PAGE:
Description Usage Arguments Details Value Author(s) See Also Examples

Compute an analysis of robust Wald-type or deviance-type test tables
for one or more linear regression models fitted by `lmrob`

.

1 2 3 |

`object, ...` |
objects of class |

`test` |
a character string specifying the test statistic to be used.
Can be one of |

`verbose` |
logical; if true some informative messages are printed. |

Specifying a single object gives a sequential analysis of a robust quasi-deviance table for that fit. That is, the reductions in the robust residual deviance as each term of the formula is added in turn are given in as the rows of a table. (Currently not yet implemented.)

If more than one object is specified, the table has a row for the residual quasi-degrees of freedom (however, this information is never used in the asymptotic tests). For all but the first model, the change in degrees of freedom and robust deviance is also given. (This only makes statistical sense if the models are nested.) As opposed to the convention, the models are forced to be listed from largest to smallest due to computational reasons.

In addition, the table will contain test statistics and P values
comparing the reduction in robust deviances for the model on the row
to that on top of it. There are two different robust tests available:
The "Wald"-type test (`test = "Wald"`

) and the Deviance-type test
(`test = "Deviance"`

). When using formula description of the
nested models in the dot arguments and `test = "Deviance"`

, you
may be urged to supply a `lmrob`

fit for these models by
an error message. This happens when the coefficients of the largest
model reduced to the nested models result in invalid initial estimates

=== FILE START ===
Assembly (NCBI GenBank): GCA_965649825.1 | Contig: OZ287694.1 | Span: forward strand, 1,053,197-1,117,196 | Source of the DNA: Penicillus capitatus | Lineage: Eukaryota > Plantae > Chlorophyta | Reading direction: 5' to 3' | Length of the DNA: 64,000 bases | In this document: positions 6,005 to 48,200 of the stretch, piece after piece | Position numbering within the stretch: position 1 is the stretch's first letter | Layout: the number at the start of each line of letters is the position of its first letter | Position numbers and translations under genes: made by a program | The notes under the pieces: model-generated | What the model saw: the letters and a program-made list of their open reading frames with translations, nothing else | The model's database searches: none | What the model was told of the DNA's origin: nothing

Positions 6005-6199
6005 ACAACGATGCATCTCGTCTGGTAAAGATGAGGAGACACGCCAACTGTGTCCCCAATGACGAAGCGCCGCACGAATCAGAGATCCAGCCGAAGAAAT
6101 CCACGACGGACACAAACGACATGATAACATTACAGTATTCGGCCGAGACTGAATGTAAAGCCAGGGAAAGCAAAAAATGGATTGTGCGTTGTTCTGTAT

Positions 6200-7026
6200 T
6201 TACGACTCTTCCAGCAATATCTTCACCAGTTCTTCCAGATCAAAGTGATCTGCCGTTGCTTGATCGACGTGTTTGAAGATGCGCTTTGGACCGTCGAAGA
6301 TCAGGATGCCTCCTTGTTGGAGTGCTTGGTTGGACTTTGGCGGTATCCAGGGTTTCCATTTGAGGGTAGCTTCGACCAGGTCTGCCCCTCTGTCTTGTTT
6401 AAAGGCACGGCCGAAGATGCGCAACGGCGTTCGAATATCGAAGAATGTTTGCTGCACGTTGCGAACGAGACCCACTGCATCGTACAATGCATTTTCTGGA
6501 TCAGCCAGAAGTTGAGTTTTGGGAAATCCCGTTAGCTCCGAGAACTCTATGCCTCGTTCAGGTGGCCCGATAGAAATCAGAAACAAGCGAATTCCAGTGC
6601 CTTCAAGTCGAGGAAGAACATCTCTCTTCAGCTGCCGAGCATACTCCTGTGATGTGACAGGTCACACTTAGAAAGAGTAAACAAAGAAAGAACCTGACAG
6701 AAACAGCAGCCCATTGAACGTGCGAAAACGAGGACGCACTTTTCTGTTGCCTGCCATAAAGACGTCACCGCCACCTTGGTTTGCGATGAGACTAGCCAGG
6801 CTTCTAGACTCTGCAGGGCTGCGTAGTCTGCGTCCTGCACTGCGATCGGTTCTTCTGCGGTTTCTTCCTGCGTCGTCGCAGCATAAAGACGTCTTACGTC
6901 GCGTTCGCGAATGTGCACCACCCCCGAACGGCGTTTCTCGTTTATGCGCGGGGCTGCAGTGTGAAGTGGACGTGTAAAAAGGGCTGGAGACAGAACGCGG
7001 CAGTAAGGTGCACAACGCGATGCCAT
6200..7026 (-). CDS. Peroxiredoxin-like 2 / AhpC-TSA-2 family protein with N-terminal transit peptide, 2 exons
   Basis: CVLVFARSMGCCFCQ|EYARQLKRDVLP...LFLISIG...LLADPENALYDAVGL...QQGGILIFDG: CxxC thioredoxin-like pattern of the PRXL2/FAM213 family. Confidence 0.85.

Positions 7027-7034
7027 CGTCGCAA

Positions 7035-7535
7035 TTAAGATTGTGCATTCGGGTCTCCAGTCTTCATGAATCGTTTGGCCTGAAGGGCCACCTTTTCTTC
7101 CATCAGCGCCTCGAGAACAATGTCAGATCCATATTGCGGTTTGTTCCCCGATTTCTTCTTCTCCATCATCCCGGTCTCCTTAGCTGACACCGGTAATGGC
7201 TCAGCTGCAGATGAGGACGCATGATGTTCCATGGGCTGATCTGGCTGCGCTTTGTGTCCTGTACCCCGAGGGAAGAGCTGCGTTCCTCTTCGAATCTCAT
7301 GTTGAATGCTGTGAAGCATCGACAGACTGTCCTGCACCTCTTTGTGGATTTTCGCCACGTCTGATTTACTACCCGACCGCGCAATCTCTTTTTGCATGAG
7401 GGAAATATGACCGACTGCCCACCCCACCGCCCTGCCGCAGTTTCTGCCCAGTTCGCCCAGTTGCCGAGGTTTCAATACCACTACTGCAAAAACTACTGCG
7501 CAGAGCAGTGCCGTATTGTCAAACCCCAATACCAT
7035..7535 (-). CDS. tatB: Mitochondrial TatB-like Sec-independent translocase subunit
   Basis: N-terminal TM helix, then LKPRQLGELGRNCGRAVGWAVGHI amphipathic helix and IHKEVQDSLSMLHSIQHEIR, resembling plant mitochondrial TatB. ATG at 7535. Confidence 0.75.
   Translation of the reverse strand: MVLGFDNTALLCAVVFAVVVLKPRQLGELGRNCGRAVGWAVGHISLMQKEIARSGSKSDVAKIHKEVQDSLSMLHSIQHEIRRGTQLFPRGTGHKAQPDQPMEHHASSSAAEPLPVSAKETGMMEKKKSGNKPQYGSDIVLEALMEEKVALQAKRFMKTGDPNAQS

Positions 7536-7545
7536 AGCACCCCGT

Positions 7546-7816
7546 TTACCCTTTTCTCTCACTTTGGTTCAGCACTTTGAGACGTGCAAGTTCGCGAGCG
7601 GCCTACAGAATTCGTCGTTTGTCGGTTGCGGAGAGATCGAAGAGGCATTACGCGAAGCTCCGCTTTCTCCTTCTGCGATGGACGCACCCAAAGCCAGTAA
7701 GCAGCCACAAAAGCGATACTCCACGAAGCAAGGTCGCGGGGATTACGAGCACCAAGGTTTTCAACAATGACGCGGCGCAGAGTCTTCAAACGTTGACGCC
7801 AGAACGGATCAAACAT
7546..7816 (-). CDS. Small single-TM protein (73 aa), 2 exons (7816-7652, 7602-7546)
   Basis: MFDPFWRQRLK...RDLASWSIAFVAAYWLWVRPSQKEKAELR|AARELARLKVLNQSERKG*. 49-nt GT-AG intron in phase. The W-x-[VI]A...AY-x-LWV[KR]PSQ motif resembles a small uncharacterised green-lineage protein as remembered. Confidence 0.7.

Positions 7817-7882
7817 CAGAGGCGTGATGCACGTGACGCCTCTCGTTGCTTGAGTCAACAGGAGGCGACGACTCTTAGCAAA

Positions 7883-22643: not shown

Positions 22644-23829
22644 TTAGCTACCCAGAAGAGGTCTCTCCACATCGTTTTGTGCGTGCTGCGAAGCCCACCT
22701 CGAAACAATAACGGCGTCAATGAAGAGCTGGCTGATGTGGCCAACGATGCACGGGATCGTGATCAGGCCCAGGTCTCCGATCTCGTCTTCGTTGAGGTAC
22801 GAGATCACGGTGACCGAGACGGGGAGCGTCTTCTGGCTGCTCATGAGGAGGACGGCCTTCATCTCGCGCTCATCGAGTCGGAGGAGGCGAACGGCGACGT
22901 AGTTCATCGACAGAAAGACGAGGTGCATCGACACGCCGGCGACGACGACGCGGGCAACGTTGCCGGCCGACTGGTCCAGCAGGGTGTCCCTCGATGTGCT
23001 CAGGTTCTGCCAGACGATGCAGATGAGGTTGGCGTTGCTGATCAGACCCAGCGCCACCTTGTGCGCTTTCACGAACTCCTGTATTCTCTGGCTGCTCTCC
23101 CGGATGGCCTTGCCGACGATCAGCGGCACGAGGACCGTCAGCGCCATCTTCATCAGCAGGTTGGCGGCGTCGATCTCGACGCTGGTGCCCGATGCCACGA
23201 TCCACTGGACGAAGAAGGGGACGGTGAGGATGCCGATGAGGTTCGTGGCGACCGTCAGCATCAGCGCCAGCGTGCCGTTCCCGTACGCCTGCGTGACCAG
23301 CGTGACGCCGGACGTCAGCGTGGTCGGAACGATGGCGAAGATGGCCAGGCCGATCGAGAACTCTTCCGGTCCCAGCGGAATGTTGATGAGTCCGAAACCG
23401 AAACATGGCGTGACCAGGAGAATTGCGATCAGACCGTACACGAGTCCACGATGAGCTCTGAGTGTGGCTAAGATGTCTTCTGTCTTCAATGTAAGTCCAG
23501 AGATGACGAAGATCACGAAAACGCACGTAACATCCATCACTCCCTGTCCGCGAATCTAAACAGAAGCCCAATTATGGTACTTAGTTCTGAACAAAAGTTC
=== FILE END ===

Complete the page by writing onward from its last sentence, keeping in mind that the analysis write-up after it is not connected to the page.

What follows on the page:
for the nested models (indicated by robustness weights which are all 0).

The comparison between two or more models by `anova.lmrob`

will only be valid if they are fitted to the same dataset.

Basically, an object of class `anova`

inheriting from class
`data.frame`

.

Andreas Ruckstuhl

1 2 3 4 5 6 7 8 9 10 11 12 13 14 15 16 17 18 19 20 21 22 23 24 25 26 27 28 29 30 31 32 33 34 35 36 | ```
data(salinity)
summary(m0.sali <- lmrob(Y ~ . , data = salinity))
anova(m0.sali, Y ~ X1 + X3)
## -> X2 is not needed
(m1.sali <- lmrob(Y ~ X1 + X3, data = salinity))
anova(m0.sali, m1.sali) # the same as before
anova(m0.sali, m1.sali, test = "Deviance")
## whereas 'X3' is highly significant:
m2 <- update(m0.sali, ~ . -X3)
anova(m0.sali, m2)
anova(m0.sali, m2, test = "Deviance")
## Global test [often not interesting]:
anova(m0.sali, update(m0.sali, . ~ 1), test = "Wald")
anova(m0.sali, update(m0.sali, . ~ 1), test = "Deviance")
if(require("MPV")) { ## Montgomery, Peck & Vining datasets
Jet <- table.b13
Jet.rflm1 <- lmrob(y ~ ., data=Jet,
control = lmrob.control(max.it = 500))
summary(Jet.rflm1)
anova(Jet.rflm1, y ~ x1 + x5 + x6, test="Wald")
try( anova(Jet.rflm1, y ~ x1 + x5 + x6, test="Deviance") )
## -> Error in anovaLm.... Please fit the nested models by lmrob
## {{ since all robustness weights become 0 in the nested model ! }}
## Ok: Do as the error message told us:
## test by comparing the two *fitted* models:
Jet.rflm2 <- lmrob(y ~ x1 + x5 + x6, data=Jet,
control=lmrob.control(max.it=100))
anova(Jet.rflm1, Jet.rflm2, test="Deviance")
} # end{"MPV" data}
``` |

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